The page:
In a statement to Parliament, British Prime Minister Boris Johnson said he was trying to take a balanced approach between the extremes of “shutting down our lives and our economy” and giving up the fight.
“We don’t want to go back to another national bloc,” he said, but “we can’t let the virus tear itself apart.”
Johnson announced a three-tier warning system, under which areas of greatest concern ̵
“These figures flash to us like warnings on the dashboard of a passenger plane and we need to act now,” Johnson added at an evening press conference.
Likewise, countries across Europe are seeking compromise as they rush to contain a resurgence of infections and hospital admissions. Despite this, they face more anger and frustration from companies and individuals than they did in the spring.
Ravi Gupta, a microbiologist at Cambridge University, said that in Britain and other European countries, “a total blockade is off the political agenda”, partly because the “fear factor” around the novel coronavirus is not. what was in the spring.
While full blockades are best for limiting deaths and transmission, he said, “it is clear that people cannot endure long-term restrictions outside authoritarian regimes.”
France has hinted it could impose further restrictions after increased cases and hospitalizations. On Saturday, authorities reported 27,000 new cases in the previous 24 hours – a record. And on Monday, health officials said the number of people hospitalized for covid-19 exceeded 8,600 for the first time since late June.
“If in the next two weeks we see the indicators deteriorate, if the ICU beds fill even more than we expect, we will actually take additional measures,” said Prime Minister Jean Castex, urging people to limit meetings in homes.
The French government has avoided imposing a second blockade nationwide, but has issued new restrictions – notably on restaurant capacity and the timing of alcohol sales – in major urban areas.
French President Emmanuel Macron is expected to address the nation on Wednesday evening.
In Spain, Socialist Prime Minister Pedro Sánchez on Friday called for emergency powers to prevent travel in and out of Madrid, overturning the conservative local government, which had favored blockades at the neighborhood level.
Opposition to the move was evident on Monday during Spain’s National Day celebrations. People gathered outside an event at the Royal Palace to boo the Sánchez government, and the far-right Vox party led a caravan of cars to protest “the criminal and totalitarian government.”
The Madrid region has reported more than 20,000 new coronavirus cases in the past seven days, making it one of the worst affected areas of the second European wave.
In Belgium, cases diagnosed last week were 89% higher than in the previous week. A spokesperson for the national coronavirus response, Yves Van Laethem, warned on Monday that if current trends don’t stop, the number of people in intensive care units at the end of October could rival the peaks seen in March and April.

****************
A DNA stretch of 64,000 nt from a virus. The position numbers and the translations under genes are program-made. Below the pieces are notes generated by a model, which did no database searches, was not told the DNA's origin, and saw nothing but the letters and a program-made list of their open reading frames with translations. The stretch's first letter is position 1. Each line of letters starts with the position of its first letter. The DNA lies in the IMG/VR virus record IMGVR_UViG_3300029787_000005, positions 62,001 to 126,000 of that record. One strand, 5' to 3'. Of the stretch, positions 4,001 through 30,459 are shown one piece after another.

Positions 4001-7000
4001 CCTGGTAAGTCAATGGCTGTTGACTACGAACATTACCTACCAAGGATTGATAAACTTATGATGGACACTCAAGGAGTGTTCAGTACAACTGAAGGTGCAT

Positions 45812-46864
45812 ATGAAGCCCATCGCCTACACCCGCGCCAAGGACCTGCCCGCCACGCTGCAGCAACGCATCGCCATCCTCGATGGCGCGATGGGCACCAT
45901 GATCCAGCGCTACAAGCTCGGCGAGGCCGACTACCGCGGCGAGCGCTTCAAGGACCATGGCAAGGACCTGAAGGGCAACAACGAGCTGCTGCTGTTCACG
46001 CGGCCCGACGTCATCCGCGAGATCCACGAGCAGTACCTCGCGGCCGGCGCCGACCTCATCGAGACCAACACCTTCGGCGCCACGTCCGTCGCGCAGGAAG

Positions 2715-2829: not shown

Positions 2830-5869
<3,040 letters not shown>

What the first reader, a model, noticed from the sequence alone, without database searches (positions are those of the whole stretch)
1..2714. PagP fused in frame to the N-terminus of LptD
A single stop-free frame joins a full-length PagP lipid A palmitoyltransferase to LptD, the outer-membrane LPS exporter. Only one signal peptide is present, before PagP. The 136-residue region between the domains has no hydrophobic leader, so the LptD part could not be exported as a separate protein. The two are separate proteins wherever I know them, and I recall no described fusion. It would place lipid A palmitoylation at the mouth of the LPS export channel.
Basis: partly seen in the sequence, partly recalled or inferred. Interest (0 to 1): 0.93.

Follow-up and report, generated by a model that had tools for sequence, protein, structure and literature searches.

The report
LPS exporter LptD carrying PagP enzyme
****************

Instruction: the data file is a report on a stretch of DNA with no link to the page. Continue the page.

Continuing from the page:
“All indicators continue to increase alarmingly,” Van Laethem told reporters.
Germany on Monday added Munich to a growing list of coronavirus “red” zones, which triggers new restrictions. Starting Wednesday, Munich’s bars and restaurants will have to stop serving alcohol after 10pm. Wearing the mask will be mandatory for pedestrians and no more than two families or up to five people can meet in groups. Private indoor events are limited to 25 attendees and outdoor events to 50. The rules will remain in effect for at least two weeks, until October 27th..
In Italy the number of daily cases has not reached the number recorded in some other Western European countries, but the trajectory is still worrying. And unlike in the spring, when the outbreak primarily affected the country’s richer north, it is now reaching southern regions with more fragile economies and hospital systems.
Italy last week issued a national mandate under which masks must be worn both outdoors and indoors, and so far most appear to adhere to the measures. The government is now considering new measures that would include a ban on private parties and a cap on the number of guests at weddings and funerals, according to Reuters, citing a draft decree.
On Monday, Prime Minister Giuseppe Conte ruled out another national bloc, but said localized blocs could be used if needed.
In England, as elsewhere, there has been a negative reaction from the hard-hit hospitality sector. Many fear that companies may not survive the new wave of restrictions.
Nicola Storey, who runs the Mustard Pot pub in Leeds, said one of the most frustrating things was that there was no end in sight. She said her pub has already amassed “thousands upon thousands of pounds of debt” during the total lockdown in Britain, and is worried that more economic turmoil is on the way. “It looks like we don’t have a solution for the end point, so it’s just more restrictions, but for how long? There seems to be no plan to get out of it.”
Keir Starmer, the leader of the opposition Labor Party, said he was “deeply skeptical” that Johnson had a strategy to manage the crisis. He noted that Johnson’s “whack-a-mole” strategy, which focused on local epidemics, did not reduce the numbers. “Twenty areas have been restricted for over two months, 19 have seen infection rates rise, some in very high numbers,” Starmer said.
In the United States, President Trump has pointed to increasing cases in Europe to defend his record.
“Great surge of the Chinese plague in Europe and other places that the Fake News used to support as examples of places that are doing well, in order to make the United States look bad,” the president tweeted, a week after his hospitalization for covid-19. “Be strong and alert, it will run its course. Vaccines and treatments are coming fast! “
Chico Harlan in Rome, Michael Birnbaum in Riga, Latvia, James McAuley in Paris and Luisa Beck in Berlin contributed to this report.